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  1. Senior Member
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    #1

    south=noon, north=midnight (?)

    In some, at least, countries of the Northern Hemisphere, there is an association south=noon and north=midnight. In Slavic languages, the words for north and south are (or in some were) midnight and noon (in Russian, полночь and полдень). In Italian there is, obviously, the same association, since they named their southern part of the country Mezzogiorno (meaning noon). What about English? Is there anything similar in your language?
    Last edited by GeneD; 18-Apr-2020 at 11:28.
    If it's not too much trouble to you, could you please correct any errors I might have made in this post?

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    #2

    Re: south=noon, north=midnight (?)

    No.
    I am not a teacher.

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    #3

    Re: south=noon, north=midnight (?)

    It seems backwards to me. The sun is directly above at noon. I would expect noon to be north (i.e. up).

  4. Charlie Bernstein's Avatar
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    #4

    Re: south=noon, north=midnight (?)

    We do east = start of day and west = end of day.

    That's about it.
    I'm not a teacher. I speak American English. I've tutored writing at the University of Southern Maine and have done a good deal of copy editing and writing, occasionally for publication.

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    #5

    Re: south=noon, north=midnight (?)

    Quote Originally Posted by SoothingDave View Post
    It seems backwards to me. The sun is directly above at noon. I would expect noon to be north (i.e. up).
    I don't know your current location; if you are in Florida, then maybe because you are pretty close to the Tropic of Cancer the sun is (or seems very much so) right above you. But the higher the latitude the more obvious to the observer that the sun in the noon time is slightly on the south, not right above you. (I'm speaking about the Northern Hemisphere, of course.)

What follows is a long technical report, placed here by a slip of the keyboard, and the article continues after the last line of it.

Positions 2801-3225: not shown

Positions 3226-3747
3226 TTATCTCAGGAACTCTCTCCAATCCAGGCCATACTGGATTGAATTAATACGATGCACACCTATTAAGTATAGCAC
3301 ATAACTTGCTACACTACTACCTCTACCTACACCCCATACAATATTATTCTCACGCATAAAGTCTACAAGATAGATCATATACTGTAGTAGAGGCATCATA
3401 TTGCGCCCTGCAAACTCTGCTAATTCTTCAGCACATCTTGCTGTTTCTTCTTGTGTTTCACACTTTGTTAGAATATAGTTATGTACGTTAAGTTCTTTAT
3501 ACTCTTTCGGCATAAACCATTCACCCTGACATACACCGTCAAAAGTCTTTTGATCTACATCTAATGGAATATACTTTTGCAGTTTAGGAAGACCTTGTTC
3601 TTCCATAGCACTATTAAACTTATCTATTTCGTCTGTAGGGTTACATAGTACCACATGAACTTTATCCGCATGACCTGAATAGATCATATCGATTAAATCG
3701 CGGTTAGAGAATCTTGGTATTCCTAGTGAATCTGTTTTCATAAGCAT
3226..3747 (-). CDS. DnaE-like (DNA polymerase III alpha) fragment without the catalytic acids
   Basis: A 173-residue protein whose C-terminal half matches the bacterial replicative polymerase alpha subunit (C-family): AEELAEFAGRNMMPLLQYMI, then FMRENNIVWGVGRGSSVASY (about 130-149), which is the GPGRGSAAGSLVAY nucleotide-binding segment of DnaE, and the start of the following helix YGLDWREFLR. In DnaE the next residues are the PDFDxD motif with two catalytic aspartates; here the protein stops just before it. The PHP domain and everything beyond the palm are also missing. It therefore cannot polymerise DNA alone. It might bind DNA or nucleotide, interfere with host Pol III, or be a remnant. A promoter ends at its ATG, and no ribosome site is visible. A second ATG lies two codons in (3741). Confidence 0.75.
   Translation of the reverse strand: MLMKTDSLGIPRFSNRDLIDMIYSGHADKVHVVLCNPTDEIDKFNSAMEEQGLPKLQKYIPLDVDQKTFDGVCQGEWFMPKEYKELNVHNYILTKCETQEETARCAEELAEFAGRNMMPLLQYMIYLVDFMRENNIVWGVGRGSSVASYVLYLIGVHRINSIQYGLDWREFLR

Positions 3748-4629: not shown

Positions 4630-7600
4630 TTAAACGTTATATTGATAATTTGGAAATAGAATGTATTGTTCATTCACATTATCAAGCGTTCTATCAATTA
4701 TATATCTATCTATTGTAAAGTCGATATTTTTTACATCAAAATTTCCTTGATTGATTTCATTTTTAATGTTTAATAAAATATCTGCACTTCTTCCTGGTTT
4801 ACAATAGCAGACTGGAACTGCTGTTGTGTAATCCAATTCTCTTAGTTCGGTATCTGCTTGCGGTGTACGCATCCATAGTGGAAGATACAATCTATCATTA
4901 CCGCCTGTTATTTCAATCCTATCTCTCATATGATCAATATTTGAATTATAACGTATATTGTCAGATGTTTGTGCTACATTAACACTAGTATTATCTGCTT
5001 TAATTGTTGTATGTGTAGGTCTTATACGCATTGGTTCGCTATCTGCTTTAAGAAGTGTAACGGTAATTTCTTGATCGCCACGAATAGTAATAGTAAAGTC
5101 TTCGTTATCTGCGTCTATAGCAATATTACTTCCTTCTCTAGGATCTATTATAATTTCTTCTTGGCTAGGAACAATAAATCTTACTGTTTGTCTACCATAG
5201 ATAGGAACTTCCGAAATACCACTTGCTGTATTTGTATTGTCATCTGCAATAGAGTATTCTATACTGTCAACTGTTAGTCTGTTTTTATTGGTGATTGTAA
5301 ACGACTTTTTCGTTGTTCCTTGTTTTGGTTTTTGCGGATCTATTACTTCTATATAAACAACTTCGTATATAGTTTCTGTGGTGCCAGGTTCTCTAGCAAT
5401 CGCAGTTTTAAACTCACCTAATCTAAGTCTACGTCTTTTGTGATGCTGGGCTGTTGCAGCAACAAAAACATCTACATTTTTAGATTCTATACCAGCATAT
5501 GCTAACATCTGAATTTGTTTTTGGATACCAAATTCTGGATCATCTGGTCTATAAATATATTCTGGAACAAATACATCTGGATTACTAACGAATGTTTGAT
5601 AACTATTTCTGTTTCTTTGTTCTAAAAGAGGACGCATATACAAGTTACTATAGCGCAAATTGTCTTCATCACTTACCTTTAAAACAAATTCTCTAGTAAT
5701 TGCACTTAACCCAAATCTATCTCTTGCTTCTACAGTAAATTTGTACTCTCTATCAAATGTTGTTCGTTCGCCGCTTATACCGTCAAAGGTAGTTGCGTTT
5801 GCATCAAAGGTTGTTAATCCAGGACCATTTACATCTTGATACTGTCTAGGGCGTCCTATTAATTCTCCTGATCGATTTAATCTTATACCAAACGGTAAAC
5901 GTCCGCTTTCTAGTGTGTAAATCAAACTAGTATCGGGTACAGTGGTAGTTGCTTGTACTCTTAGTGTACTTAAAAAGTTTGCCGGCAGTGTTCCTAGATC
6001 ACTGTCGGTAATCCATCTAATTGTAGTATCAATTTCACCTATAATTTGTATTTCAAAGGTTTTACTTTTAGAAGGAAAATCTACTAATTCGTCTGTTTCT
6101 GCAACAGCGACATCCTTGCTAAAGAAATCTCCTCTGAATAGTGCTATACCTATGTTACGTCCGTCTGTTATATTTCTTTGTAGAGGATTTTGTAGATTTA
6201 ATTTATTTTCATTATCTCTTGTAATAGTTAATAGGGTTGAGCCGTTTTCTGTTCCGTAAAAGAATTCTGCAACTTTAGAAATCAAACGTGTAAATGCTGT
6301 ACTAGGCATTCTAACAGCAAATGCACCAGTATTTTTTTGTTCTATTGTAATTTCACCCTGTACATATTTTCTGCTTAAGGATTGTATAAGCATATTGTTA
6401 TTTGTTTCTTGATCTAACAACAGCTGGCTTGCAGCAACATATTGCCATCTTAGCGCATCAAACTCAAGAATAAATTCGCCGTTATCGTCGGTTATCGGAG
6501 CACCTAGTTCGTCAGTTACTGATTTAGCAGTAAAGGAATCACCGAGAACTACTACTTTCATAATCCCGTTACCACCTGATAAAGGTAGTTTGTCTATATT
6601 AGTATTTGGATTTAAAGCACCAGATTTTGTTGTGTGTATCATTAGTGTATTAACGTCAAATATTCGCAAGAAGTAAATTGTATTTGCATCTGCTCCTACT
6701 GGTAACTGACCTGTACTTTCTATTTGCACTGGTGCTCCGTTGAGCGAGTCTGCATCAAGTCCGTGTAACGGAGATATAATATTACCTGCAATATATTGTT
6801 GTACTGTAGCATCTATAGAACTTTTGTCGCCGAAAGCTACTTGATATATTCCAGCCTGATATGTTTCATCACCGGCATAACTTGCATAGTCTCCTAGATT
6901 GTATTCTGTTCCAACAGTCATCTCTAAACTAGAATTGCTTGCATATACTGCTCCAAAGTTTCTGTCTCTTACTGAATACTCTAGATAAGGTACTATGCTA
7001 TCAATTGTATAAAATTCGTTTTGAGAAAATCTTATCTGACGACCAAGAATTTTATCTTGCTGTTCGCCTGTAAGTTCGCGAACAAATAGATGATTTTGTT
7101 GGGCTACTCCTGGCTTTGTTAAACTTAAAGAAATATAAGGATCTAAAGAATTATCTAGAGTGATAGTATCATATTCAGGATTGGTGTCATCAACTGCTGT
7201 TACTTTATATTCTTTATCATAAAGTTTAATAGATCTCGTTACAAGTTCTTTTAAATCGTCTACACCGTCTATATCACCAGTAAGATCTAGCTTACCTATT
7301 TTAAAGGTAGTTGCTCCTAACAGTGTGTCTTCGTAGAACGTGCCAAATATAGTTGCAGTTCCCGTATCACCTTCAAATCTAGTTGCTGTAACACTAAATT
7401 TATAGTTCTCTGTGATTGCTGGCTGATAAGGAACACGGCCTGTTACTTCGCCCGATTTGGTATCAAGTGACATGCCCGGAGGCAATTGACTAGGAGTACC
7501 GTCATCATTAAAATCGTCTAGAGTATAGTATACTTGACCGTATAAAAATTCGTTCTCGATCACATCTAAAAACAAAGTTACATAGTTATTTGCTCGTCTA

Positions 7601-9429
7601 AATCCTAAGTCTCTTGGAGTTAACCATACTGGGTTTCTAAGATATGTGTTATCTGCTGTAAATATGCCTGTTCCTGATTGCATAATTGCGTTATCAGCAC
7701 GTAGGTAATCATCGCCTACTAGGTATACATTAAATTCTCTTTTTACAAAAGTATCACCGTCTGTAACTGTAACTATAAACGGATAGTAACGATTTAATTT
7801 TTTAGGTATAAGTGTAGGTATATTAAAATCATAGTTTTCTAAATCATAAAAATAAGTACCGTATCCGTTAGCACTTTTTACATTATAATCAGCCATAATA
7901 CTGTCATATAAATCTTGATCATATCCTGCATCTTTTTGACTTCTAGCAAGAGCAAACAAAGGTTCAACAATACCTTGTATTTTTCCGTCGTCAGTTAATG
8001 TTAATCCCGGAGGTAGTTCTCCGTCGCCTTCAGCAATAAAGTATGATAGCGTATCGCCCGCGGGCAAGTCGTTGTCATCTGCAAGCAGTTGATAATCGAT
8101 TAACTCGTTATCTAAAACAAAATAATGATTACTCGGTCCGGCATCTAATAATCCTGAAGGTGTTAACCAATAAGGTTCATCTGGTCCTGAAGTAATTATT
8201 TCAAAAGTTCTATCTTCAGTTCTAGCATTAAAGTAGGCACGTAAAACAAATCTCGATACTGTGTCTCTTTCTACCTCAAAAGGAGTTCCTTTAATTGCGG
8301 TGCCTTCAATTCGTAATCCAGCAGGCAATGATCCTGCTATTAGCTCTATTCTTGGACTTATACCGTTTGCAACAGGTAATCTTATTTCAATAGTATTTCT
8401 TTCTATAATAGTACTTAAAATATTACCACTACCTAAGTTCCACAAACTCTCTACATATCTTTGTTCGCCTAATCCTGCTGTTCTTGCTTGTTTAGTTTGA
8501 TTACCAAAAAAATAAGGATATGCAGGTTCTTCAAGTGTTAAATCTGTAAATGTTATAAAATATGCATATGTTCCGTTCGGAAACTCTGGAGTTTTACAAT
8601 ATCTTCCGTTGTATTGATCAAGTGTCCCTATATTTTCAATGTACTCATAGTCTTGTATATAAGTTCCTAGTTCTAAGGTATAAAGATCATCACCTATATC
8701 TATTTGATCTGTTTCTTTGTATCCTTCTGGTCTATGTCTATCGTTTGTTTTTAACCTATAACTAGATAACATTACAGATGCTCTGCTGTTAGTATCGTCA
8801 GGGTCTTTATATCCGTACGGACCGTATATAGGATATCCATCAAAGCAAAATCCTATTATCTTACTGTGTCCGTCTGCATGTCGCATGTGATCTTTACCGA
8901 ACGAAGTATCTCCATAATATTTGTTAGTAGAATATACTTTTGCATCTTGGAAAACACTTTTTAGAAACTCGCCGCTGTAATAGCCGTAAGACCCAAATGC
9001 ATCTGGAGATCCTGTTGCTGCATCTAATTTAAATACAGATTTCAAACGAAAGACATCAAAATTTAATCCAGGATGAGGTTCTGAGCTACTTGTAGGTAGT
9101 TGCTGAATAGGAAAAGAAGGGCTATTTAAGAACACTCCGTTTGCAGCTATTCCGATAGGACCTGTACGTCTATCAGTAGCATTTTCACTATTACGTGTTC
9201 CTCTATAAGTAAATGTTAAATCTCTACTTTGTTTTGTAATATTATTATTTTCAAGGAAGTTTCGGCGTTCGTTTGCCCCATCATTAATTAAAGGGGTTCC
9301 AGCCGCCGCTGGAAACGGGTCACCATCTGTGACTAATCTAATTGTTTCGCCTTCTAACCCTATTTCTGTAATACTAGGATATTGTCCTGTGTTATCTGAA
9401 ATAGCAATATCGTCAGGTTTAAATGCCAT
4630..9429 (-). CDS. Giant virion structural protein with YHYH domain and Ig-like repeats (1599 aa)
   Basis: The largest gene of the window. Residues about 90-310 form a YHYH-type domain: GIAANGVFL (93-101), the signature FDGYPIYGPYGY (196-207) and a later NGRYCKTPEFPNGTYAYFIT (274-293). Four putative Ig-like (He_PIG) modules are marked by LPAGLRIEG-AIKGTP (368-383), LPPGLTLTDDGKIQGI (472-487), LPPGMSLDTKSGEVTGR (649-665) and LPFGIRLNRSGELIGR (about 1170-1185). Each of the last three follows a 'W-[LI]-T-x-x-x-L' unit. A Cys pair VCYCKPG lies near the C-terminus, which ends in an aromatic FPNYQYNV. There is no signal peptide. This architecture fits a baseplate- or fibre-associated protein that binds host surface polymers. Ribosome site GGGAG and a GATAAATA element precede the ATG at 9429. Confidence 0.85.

If it's not too much trouble to you, could you please correct any errors I might have made in this post?

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    #6

    Re: south=noon, north=midnight (?)

    Quote Originally Posted by Charlie Bernstein View Post
    We do east = start of day and west = end of day.

    That's about it.
    Thanks, Charlie. Could you please give an example sentence to let me see how you use it or used it in the past? In Russian, for instance, we see or hear such usage nowadays only in folklore.

    I became interested in this sort of thing because I'm reading the Kalevala, and the Russian translator chose the old Russian words for north and south - midnight and noon. That's pretty interesting because it seems very natural to associate these words in the north, at least, where the story takes place. Just like west and east are used in English, if I understand you correctly, midnight and noon also can be used very naturally in the higher latitudes. Inside the polar circle, for example, in summer, one can see the sun even at midnight and it'll be in the north. At the same time, calling the north midnight can be very strange if you live in the middle latitudes where there is no sun at midnight at all even in summer. And even in this case using noon for south remains pretty natural since they use it in Italy. Are you sure there is no such usage of noon in English? Maybe in folk songs or some old scriptures?
    If it's not too much trouble to you, could you please correct any errors I might have made in this post?

  7. Charlie Bernstein's Avatar
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    #7

    Re: south=noon, north=midnight (?)

    Quote Originally Posted by GeneD View Post
    Thanks, Charlie. Could you please give an example sentence to let me see how you use it or used it in the past? In Russian, for instance, we see or hear such usage nowadays only in folklore.